Mate choice and aerobic capacity in red junglefowl

Mark A. Chappell, Marlene Zuk, Torgeir S. Johnsen, Timothy H. Kwan

Research output: Contribution to journalArticlepeer-review

38 Scopus citations


In 'good genes' models of sexual selection, females choose mates whose genes confer increased survival value to offspring. One possible index of male quality is aerobic capacity (the metabolic basis of sustainable exercise), which is likely to be important for fitness. If it is both heritable and ecologically valuable, high aerobic capacity would be a direct signal of male genetic quality. If aerobic capacity is phenotypically plastic but dependent on health, it may provide an indirect index of male quality in other heritable traits (e.g. pathogen resistance). We examined the relationship between courtship behaviour, aerobic capacity (measured as maximum rates of oxygen consumption), and mating success in red junglefowl (Gallus gallus). We also tested the effects of intestinal parasites (the nematode Ascaridia galli) and plasma testosterone levels on aerobic capacity and behaviour. We found no relationship between testosterone and behaviour, mating success, or aerobic capacity. A. galli infection changed the relationship between mass and aerobic capacity; infected males had lower aerobic capacity than uninfected males, but only for small males. Discriminant function analysis suggested that aerobic capacity and display behaviour, together with male ornaments (comb size and colour), were the most important factors determining the mating success of males. However, aerobic capacity and display rate were not strongly correlated, and the manner by which females can discriminate among males with differing aerobic capacity is unclear.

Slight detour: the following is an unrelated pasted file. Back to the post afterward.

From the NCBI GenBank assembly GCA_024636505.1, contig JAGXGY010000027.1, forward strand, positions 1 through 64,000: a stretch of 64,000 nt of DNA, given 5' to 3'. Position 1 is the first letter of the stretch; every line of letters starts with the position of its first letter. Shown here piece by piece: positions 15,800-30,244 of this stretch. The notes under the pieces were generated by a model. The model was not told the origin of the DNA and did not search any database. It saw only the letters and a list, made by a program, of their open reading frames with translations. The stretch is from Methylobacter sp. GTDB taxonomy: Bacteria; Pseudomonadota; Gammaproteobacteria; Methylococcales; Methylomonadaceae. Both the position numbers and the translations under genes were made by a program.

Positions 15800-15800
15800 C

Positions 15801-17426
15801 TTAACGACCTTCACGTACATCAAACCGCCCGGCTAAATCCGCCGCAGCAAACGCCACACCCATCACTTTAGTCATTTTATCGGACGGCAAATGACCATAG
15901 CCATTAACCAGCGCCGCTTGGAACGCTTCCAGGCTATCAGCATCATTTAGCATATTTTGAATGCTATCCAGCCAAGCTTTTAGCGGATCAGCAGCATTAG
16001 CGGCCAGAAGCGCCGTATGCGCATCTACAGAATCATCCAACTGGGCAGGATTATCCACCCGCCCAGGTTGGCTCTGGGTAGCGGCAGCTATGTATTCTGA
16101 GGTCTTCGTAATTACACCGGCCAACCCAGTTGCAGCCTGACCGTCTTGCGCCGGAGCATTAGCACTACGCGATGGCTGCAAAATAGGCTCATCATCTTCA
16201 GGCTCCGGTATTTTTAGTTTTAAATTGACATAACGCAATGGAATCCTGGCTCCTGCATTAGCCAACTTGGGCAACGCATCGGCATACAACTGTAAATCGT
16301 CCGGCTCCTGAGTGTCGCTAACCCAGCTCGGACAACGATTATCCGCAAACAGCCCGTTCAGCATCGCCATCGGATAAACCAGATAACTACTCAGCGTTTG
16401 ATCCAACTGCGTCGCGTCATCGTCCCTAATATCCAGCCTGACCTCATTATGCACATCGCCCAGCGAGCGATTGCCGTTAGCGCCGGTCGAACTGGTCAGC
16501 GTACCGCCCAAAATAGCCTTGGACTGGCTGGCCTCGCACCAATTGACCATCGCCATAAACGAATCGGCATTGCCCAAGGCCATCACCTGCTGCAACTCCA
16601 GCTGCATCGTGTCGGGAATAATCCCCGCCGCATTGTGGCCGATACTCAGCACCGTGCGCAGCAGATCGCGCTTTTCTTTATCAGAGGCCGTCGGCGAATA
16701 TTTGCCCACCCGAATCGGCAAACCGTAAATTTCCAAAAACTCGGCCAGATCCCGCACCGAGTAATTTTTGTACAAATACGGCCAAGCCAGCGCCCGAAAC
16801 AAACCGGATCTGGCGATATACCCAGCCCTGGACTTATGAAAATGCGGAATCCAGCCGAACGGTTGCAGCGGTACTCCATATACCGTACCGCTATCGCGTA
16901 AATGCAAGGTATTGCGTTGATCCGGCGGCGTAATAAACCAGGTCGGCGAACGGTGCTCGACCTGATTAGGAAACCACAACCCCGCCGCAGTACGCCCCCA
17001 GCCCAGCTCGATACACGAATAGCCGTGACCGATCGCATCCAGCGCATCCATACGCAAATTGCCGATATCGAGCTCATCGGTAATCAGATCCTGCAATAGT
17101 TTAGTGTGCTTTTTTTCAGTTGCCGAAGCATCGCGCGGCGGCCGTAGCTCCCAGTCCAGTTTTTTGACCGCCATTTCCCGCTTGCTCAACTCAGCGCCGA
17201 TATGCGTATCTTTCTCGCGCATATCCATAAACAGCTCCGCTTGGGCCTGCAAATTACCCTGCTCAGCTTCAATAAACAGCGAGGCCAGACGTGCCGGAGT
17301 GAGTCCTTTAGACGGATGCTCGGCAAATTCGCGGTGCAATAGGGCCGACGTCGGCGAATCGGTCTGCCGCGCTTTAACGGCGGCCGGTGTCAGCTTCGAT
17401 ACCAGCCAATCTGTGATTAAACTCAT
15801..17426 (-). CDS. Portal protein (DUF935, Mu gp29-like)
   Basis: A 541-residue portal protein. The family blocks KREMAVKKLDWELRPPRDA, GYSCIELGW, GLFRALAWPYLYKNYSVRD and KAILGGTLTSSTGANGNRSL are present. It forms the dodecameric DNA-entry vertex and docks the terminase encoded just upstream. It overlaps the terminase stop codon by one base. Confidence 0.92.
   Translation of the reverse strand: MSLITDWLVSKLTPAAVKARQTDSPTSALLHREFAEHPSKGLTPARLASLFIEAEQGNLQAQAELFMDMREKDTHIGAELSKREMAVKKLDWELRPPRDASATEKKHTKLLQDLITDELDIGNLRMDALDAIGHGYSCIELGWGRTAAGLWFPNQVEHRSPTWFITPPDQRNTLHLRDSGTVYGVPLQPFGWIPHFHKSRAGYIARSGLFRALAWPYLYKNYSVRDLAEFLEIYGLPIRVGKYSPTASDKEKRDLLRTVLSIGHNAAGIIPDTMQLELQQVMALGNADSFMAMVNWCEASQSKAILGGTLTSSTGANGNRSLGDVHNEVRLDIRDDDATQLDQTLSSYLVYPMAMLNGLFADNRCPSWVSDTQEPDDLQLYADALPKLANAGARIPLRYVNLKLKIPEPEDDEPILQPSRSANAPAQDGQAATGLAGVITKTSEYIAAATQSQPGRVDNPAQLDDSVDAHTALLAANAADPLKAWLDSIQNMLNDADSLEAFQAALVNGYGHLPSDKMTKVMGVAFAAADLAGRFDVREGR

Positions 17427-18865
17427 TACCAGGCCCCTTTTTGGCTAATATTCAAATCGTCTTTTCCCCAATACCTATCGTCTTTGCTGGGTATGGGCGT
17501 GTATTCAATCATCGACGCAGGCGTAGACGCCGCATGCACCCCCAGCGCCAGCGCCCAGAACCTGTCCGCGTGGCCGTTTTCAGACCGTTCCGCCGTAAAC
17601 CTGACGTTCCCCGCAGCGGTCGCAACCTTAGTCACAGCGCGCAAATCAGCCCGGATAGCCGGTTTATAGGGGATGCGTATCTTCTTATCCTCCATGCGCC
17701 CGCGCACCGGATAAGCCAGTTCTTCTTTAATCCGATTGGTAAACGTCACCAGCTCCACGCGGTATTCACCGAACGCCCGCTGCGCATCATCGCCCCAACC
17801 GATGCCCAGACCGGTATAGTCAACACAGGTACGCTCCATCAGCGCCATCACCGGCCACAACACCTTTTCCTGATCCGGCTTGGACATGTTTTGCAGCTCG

Original languageEnglish (US)
Pages (from-to)511-529
Number of pages19
Issue number7-8
StatePublished - Jun 1997

Bibliographical note

Funding Information:
1) Corresponding author; e-mail address: 2) We thank J. Decruyenaere, C. Hayes, T. Kim, T. MacLarty, and S. Popma for their assistance in maintaining the junglefowl colony and D. Rios and E. Hice for equipment construction. D. Mock and an anonymous reviewer made many helpful suggestions on an earlier draft of the paper. Our work was covered by animal use permits from the University of California, Riverside, and was supported by U.C. Riverside Intramural funds, NSF IBN-9120902 and an NSF Young Investigator Award to M. Zuk, and NSF DPP-8917066 to M.A. Chappell.

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